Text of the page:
How To Stay Safe When Driving in Mountainous Areas


Mountains offer some of the most breathtaking scenery, vibrant landscapes and stunning panoramic views. Whatever country you’re visiting, mountainous areas provide a unique way to see the world.

One of the best ways to really get up close with the mountains is by car. But driving this terrain is often challenging.

We’ll take a look at the key considerations to ensure a safe journey.

What are the risks?

Specific dangers depend on the actual route and some roads are known for being incredibly dangerous. In fact, the infamous ‘Death Road’ in Bolivia has been named the world’s most dangerous road. But, whether you’re travelling across this risky South American tourist attraction or navigating mountain roads closer to home, some of the main dangers include:

  • Narrow roads: this is a common factor on most mountainous roads which can make passing another vehicle challenging, particularly if you have a large car.
  • Steep cliff edges: many roads will have a steep drop to the valleys below and sometimes will lack a barrier, especially in more remote locations.
  • Poor visibility: narrow twists and bends mean visibility can be poor and you will often be unable to see what’s up ahead.
  • Weather conditions: mountainous regions experience varied weather conditions with rain, snow, fog and high winds prevalent in many areas due to the altitude. Weather can also change in an instant, affecting visibility and driving conditions.

Safety considerations

While the risks can’t be completely omitted, there are a few steps you can take to reduce the dangers if you’re planning on driving along mountainous roads. Before your journey you should:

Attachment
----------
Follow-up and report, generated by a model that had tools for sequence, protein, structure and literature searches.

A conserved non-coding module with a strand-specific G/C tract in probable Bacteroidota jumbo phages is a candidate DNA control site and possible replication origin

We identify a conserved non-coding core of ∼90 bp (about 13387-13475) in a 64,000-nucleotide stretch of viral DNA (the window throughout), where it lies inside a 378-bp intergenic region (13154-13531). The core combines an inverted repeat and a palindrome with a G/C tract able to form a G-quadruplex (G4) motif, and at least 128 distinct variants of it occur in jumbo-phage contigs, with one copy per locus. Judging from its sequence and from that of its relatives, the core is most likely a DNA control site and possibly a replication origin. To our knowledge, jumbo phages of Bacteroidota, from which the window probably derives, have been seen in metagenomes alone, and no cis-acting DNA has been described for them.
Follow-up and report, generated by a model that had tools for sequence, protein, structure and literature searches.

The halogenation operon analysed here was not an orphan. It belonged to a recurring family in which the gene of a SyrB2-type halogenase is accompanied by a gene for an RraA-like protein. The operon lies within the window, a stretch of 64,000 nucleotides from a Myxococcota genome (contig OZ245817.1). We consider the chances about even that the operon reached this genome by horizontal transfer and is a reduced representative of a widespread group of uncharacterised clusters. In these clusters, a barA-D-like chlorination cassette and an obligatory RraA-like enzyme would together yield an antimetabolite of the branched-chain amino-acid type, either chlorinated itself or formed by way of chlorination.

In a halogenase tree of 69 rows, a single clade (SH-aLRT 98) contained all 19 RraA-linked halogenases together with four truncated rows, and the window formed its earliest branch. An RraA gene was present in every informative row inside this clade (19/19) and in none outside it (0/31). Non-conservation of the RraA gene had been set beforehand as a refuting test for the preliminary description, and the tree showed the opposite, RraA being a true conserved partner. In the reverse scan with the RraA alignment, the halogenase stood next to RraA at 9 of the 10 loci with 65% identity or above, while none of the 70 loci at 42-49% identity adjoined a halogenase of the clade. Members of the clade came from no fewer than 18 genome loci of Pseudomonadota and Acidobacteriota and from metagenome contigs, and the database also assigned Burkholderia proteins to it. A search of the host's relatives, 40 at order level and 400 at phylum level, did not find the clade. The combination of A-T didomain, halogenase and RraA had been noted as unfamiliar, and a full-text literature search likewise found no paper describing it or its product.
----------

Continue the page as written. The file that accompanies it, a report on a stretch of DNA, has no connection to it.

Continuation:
• Get a full vehicle check: it’s vital to ensure your car is in good working condition before driving these types of roads. The last thing you need is to have to wait for breakdown recovery on a mountain side.
  • Consider new tyres: good tyre grip is essential, especially if there’s a chance you could be driving in snow or ice. You can choose to buy tyres online and have them properly fitted well advance of your trip.
  • Pack a safety kit: this should include a torch, map, food, water, warm clothes, first-aid kit and hi-vis vest or jacket.
  • Check the weather: although conditions can change without warning, it’s wise to make sure there’s no heavy snow, fog or wind forecast before you start your journey.
  • Fill up with fuel: there are unlikely to be any fuel stations on mountain roads so it’s worth filling up before setting off.

Driving technique

Driving along narrow, steep and unstable roads requires a different technique to driving on ordinary surfaces:

  • Refrain from over-braking: it’s important to not have your foot constantly on the brake pedal as this could cause overheating. When driving down steep roads, tap the pedal little and often.
  • Use a lower gear when driving downhill: this will give you more control and takes pressure of the braking system.
  • Try to main a consistent speed: rather than speeding on straight sections and braking heavily for corners, a steady speed will create more fuel efficiency and allow for more control.
  • Take note of signs: make sure you’re clued up on the highway code signs and take warnings such as falling rocks, wildlife and speed limits seriously.
  • Drive with caution: drive slowly and steadily keeping focused at all times. Allow plenty of time to brake and give way to other drivers or pull over when needed. Use headlights but be careful to switch off your full beam if other cars are approaching.

By following these steps you can enjoy a safer and more comfortable mountain road trip and experience the views, scenery and terrain with little stress.